8. Cheap Girls “7-8 Years”

This might be my favorite song ever by Cheap Girls. Ian Graham’s lyrics are widely known to be somewhat self-effacing, but these are downright self-destructive…in only the most charming way, of course. “Kick me in the kidneys really hard, I’m gonna write my name in blood in the backyard,” Graham sings nonchalantly, as if such a thing were a daily occurrence. In fact, most of the lyrics in the song are pretty brilliant. “I’ll be as happy as an unhappy person can actually be, or a leper uninvited from the leper colony.” Lines like that can almost make depression and disillusionment seem appealing. In true Cheap Girls fashion, it’s all set to a completely unpretentious rock and roll backdrop recalling a hybrid of The Replacements, Smoking Popes and and Weezer. This band certainly has a singular vision and do not step outside of it too often, but in the process, they have perfected their focus.

7. Shy Boys “Life is Peachy”

Kansas City’s Shy Boys had two releases this year – their self-titled debut full-length, and their first 7” single. Two songs graced the single, which were this one, and the B-side “Follow the Leader”. Do they realize that each song steals its title from albums by Korn? We may never know… All that aside, this band writes some superb indie pop. For me, “Life Is Peachy” is their defining moment. It somehow manages to showcase their trademark softness (buoyed by Collin Rausch’s near-whispered yet emotive vocals) while presenting them rocking harder as a band than ever before. When Shy Boys are in the studio, keeping it simple seems to be the only rule. I’m not sure if any of their recordings contain a single overdub, as they carry this amazingly lush live feel to them. Shy Boys fill the space, though, with an amazing performance chemistry (surely helped by the fact that Collin and bassist/drummer Kyle Rausch are brothers who have played music together most of their lives) and a great sensibility for sound placement. The vocal cadence at the end propels the song into anthem status, and jackhammers “Life Is Peachy” deep into the psyche.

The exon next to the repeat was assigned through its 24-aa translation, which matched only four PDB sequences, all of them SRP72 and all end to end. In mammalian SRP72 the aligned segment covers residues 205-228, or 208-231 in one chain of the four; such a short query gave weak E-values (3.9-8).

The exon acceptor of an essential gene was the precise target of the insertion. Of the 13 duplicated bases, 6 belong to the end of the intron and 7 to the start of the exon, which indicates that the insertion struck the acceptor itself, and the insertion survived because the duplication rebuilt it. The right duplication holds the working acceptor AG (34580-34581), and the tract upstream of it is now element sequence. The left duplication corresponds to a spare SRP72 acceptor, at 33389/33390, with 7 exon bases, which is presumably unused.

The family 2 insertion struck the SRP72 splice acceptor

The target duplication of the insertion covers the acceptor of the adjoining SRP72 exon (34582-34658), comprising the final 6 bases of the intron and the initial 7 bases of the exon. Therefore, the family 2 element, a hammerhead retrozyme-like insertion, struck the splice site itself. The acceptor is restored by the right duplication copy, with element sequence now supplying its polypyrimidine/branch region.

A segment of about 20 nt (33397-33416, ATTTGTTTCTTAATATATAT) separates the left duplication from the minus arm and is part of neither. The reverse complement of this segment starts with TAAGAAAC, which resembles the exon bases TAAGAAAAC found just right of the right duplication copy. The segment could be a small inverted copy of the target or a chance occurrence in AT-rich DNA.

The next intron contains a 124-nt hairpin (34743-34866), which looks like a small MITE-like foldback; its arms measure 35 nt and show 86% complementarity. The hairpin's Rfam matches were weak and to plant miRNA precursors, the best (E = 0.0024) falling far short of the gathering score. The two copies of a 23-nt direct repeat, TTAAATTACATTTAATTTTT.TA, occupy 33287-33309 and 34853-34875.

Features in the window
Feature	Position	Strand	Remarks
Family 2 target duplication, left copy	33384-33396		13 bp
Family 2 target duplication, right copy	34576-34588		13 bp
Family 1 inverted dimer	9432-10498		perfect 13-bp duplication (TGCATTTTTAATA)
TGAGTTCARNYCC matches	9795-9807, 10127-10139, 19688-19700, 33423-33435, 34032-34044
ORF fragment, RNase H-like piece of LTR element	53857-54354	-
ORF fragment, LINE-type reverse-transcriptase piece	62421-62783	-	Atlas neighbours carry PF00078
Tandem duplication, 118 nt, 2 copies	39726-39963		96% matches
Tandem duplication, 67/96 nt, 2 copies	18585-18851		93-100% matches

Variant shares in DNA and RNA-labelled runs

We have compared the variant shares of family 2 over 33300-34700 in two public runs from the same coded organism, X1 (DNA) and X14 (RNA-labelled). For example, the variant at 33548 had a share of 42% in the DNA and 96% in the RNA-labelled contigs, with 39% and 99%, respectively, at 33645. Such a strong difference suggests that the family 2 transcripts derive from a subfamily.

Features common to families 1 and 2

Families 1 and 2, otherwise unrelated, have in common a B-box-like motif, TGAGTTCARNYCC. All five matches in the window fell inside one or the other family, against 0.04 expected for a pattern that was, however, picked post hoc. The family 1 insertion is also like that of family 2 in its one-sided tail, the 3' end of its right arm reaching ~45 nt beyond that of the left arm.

6. Sloan “Cleopatra”

Sloan have been one of my favorite bands since 1999, so it’s difficult for me to step back from them to gain perspective. The plethora of gems on their 11th release help to continue that personal challenge for me. Sloan has 4 members and 4 songwriters, and throughout their career have maintained a near-perfect democratic division of work. On their second double album Commonwealth, each member gets their own “solo side”, a move most likely influenced by Kiss’ bold yet unsuccessful simultaneous release of 4 solo albums in 1979. (This is no coincidence – Sloan are enormous Kiss fans.) After having his songs relegated to second or third best in the past, guitarist Jay Ferguson finally steals the show with his album-opening side. The penultimate “Cleopatra” takes the inventive energy and stark beauty of his side and stirs it up into one completely addictive track. Even if part of it does utilize a hook from the earlier track “You’ve Got A Lot On Your Mind” (continuing a style he began tinkering with on their last album The Double Cross, also terrific), it’s done so well that it only helps to elevate his string of songs into an entity all their own. “Cleopatra” is the height of it, though. It’s power pop with little pinches of classic rock and indie sensibilities, and it’s full of hooks that simply soar.